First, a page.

image sequences of NMR tomograms of a slice which follow each other immediately in time (e.g. according to the method of FIG. 5),
image sequences of the above described type with simultaneous application of suitable substances, as NMR contrast materials, water, electrolytes for variation of T1 and/or T2 *.
(11) The possibility of obtaining NMR data for image-producing investigations of periodical events in living systems, specifically human beings, with NMR tomograms (see the following description of FIGS. 5 and 6) with
using trigger techniques for starting a series of partial experiments with the same phase coding, repeating such a series with varied phase coding upon occurence of the next trigger pulse,
use of gating techniques, wherein the partial experiments are continuously repeated until a new trigger pulse initiates a new series of partial experiments with different phase coding, which is varied from trigger pulse to trigger pulse.
Each total experiment of the above type produces data for an image sequence, in which the distance in time of the images corresponds to the duration of a partial experiment.
(12) The possibility of combining rapid image-producing investigations of living systems, specifically human beings, with spectroscopic, more specifically spatially localized spectroscopic NMR methods in a time-sharing experiment.
(13) The possiblity of acquisition of data for three dimensional (3D) images of living systems (see the following description of FIGS. 7 and 8), in which the main advantage over the prior art 3D NMR methods is the much shorter data acquisition time, e.g. 4 minutes for a 128×128×128 pixel image. The high SNR per unit of time of the sequences allows to produce extremely thin slices (1 mm and less). The contrast of the image can be varied in accordance with (9). More specifically, data can be acquired for
isotropic 3D representations, from which images with any desired orientation can be reconstructed (see FIG. 7),
chemical-selective images of the above described type (see FIG. 8),
multiple echo 3D images of the above described type by using a plurality of gradient echos (analogeous to FIG. 4),
section or zoom 3D images by using a slice-selective pulse in one or two directions of the phase coding gradient(s) for limiting the imaged volume,
microscopic 3D images of tiny samples with very thin slices.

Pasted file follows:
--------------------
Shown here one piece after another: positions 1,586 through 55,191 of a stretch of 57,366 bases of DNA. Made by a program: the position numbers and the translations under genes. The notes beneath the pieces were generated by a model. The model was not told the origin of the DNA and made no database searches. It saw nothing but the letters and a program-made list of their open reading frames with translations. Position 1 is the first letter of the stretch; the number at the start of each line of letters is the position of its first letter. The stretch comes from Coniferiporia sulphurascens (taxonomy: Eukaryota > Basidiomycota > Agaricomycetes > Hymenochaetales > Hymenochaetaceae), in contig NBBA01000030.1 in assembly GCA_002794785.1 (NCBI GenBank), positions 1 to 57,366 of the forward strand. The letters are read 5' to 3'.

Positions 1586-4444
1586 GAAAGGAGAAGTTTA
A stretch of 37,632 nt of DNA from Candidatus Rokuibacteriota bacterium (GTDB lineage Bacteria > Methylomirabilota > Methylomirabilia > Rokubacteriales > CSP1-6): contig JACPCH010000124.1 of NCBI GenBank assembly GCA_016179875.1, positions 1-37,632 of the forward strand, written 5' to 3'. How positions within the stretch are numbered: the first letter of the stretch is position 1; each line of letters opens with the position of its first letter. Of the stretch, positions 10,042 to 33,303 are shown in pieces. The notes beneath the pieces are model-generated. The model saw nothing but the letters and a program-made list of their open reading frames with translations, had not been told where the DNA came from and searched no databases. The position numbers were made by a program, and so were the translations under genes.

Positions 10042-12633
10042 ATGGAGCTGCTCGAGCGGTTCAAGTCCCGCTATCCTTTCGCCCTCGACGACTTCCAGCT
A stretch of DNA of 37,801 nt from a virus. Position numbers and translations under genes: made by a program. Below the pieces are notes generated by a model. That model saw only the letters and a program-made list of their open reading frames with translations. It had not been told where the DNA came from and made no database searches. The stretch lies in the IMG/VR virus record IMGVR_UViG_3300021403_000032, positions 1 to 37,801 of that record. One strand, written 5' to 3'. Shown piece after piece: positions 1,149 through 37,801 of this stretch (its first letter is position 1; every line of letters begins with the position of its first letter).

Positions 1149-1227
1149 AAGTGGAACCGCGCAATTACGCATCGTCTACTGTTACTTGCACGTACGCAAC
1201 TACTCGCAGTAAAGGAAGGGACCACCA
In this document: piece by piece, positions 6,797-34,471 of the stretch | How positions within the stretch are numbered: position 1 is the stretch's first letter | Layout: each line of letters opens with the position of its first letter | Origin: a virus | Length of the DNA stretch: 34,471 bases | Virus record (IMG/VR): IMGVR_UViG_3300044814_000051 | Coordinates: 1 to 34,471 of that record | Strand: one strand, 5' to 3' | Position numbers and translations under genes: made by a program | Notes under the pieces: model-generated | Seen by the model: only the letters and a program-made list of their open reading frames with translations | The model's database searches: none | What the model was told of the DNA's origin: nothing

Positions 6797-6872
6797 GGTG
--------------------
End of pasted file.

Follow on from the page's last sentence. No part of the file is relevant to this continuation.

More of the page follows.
(14) The possibility of image producing investigations of living systems in combination with surface coils, as by
using a homogeneous transmitting coil and a surface coil for receiving in all of the embodiments of the present method described below, and
using a surface coil for transmitting and receiving in all of the embodiments described below.
(15) The possibility of data acquisition for an image producing investigation of flow phenomena and vessels with NMR tomograms in the order of seconds, more specifically
imaging of blood vessels, which extend normal to the plane of the slice, e.g. with a method according to (9) with variation of the flip angle or the sampling time of the gradient echos and/or the strength of the reading gradient,
multiple slice takings of the above type with a time separation of 1 to 3 T1 for three-dimensional reconstruction of blood vessels.
Many further applications, which are not mentioned here for lack of space, will occur to those skilled in the art and the physician.
The so-called "Echo-Planar-Imaging" method does not have the advantages mentioned under (2), (3), and (4) of the method according to the invention. However, it can be integrated as a partial experiment into a procedure according to the invention, assuming that rapid switching of the magnetic field gradients (rapid compared with T2 *) is possible. The procedure according to the above identified earlier patent application does not possess the advantages mentioned under (2) of the present invention.
FIGS. 1 and 2 are partial-experiment diagrams for embodiments of the method according to the invention, which produce NMR data for reconstructing transillumination or projection images without slice selection;
FIGS. 3 to 6 are corresponding diagrams for embodiments of the method according to the invention, which produce NMR data for reconstructing slice tomograms.
FIGS. 7 and 8 are corresponding diagrams of embodiments of the invention for producing NMR data for three-dimensional (3D) tomograms.
FIG. 9 is a corresponding diagram for an embodiment of the invention, which produces NMR data for tomograms according to the projection-reconstruction-method.